Salvation Army spokesman Bruce Redman said those figures could worsen because the federal government had ignored the needs of Australia’s most vulnerable in its recent budget.
An area of concern for the group is the announcement of a $7 fee for GP consultations and increased in the cost of medicine.
‘The reality (is that) 23 per cent of those surveyed for our report already couldn’t afford medical treatment when needed, and 36 per cent were unable to buy medicines prescribed by the doctor,’ he said.
‘The $7 fee might just tip more of them over into avoiding a basic doctor’s visit or essential pathology.’
Hamilton Hill Salvation Army Lieutenant Ronald Stobie agreed, saying many of his customers suffered long-term illnesses and would struggle to find extra money in their already low incomes to cover their medical costs.
Health Minister Peter Dutton said consultation charges would remain at the doctor’s discretion.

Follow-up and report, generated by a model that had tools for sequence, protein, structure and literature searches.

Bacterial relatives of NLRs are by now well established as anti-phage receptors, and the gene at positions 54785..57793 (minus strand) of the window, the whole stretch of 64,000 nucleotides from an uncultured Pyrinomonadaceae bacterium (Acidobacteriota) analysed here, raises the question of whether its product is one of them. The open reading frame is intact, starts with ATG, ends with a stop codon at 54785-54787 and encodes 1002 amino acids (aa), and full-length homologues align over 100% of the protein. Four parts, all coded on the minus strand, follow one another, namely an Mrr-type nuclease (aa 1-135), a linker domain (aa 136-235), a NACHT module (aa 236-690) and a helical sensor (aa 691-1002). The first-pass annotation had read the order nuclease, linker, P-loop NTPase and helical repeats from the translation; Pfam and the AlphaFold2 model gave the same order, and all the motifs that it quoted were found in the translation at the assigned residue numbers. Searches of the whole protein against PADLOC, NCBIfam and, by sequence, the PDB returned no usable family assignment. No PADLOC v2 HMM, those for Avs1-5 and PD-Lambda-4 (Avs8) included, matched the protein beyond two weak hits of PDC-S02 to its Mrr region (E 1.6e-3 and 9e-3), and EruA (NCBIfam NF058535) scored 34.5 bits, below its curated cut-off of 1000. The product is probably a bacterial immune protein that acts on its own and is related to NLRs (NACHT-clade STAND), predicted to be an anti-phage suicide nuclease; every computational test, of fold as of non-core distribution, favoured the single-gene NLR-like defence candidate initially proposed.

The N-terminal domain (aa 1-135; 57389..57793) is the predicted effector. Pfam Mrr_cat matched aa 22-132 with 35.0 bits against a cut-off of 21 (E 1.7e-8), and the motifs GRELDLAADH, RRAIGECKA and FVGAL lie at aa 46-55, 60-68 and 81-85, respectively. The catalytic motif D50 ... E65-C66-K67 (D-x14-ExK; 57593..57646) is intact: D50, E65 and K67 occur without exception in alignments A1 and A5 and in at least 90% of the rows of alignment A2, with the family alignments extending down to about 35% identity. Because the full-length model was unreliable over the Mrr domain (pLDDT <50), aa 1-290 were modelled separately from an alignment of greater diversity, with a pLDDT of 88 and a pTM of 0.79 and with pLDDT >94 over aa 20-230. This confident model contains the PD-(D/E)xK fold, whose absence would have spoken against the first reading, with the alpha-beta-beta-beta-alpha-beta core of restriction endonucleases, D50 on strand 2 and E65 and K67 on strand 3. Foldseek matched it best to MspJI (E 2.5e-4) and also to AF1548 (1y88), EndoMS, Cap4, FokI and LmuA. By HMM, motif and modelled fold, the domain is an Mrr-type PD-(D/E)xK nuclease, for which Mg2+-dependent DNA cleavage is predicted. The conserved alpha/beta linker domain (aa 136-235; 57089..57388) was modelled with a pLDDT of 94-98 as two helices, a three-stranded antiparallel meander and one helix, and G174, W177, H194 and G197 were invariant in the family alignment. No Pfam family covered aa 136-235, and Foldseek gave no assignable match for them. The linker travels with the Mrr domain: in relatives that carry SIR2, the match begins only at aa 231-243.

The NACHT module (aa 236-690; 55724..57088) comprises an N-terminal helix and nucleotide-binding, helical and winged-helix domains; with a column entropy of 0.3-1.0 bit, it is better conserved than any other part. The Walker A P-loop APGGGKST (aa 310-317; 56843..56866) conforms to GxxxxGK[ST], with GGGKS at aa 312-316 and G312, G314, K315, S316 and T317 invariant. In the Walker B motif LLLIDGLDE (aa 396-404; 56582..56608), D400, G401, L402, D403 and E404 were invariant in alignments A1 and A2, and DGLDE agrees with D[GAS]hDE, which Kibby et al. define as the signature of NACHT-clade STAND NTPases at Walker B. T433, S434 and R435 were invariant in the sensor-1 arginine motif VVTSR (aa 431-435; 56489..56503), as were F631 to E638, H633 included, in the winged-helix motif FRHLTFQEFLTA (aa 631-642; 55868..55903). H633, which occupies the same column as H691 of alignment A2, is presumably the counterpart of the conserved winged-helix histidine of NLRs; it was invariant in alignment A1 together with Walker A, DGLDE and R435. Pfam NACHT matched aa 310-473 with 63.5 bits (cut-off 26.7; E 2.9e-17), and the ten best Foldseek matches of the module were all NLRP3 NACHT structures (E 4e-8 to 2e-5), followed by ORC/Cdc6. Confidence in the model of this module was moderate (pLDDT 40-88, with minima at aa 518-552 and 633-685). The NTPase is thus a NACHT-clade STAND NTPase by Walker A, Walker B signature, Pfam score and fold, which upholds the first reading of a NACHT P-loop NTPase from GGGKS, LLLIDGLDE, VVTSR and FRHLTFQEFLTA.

‘The Government has retained bulk billing and doctors remain free to bulk bill patients just as they do now,’ he said.
‘People with concession cards will have the $7 contribution capped at 10 visits to doctors. After that, their treatment should be free.’
Dr Redman said another area of concern was tighter restrictions on Newstart and Youth Allowance payments.
‘The realities of unemployment can be incredibly complex, with many of those we assist facing multiple barriers to employment,’ he said.
‘The reality is that people on low incomes are not weighing up the economics of whether or not they will go an overseas holiday, but instead they will be weighing up whether or not they have the money to see the doctor when necessary or using that $7 to pay for bread to feed (their) family for the week.’
A spokeswoman for Social Services Minister Kevin Andrews said changes to welfare payments would ensure the social security system is sustainable.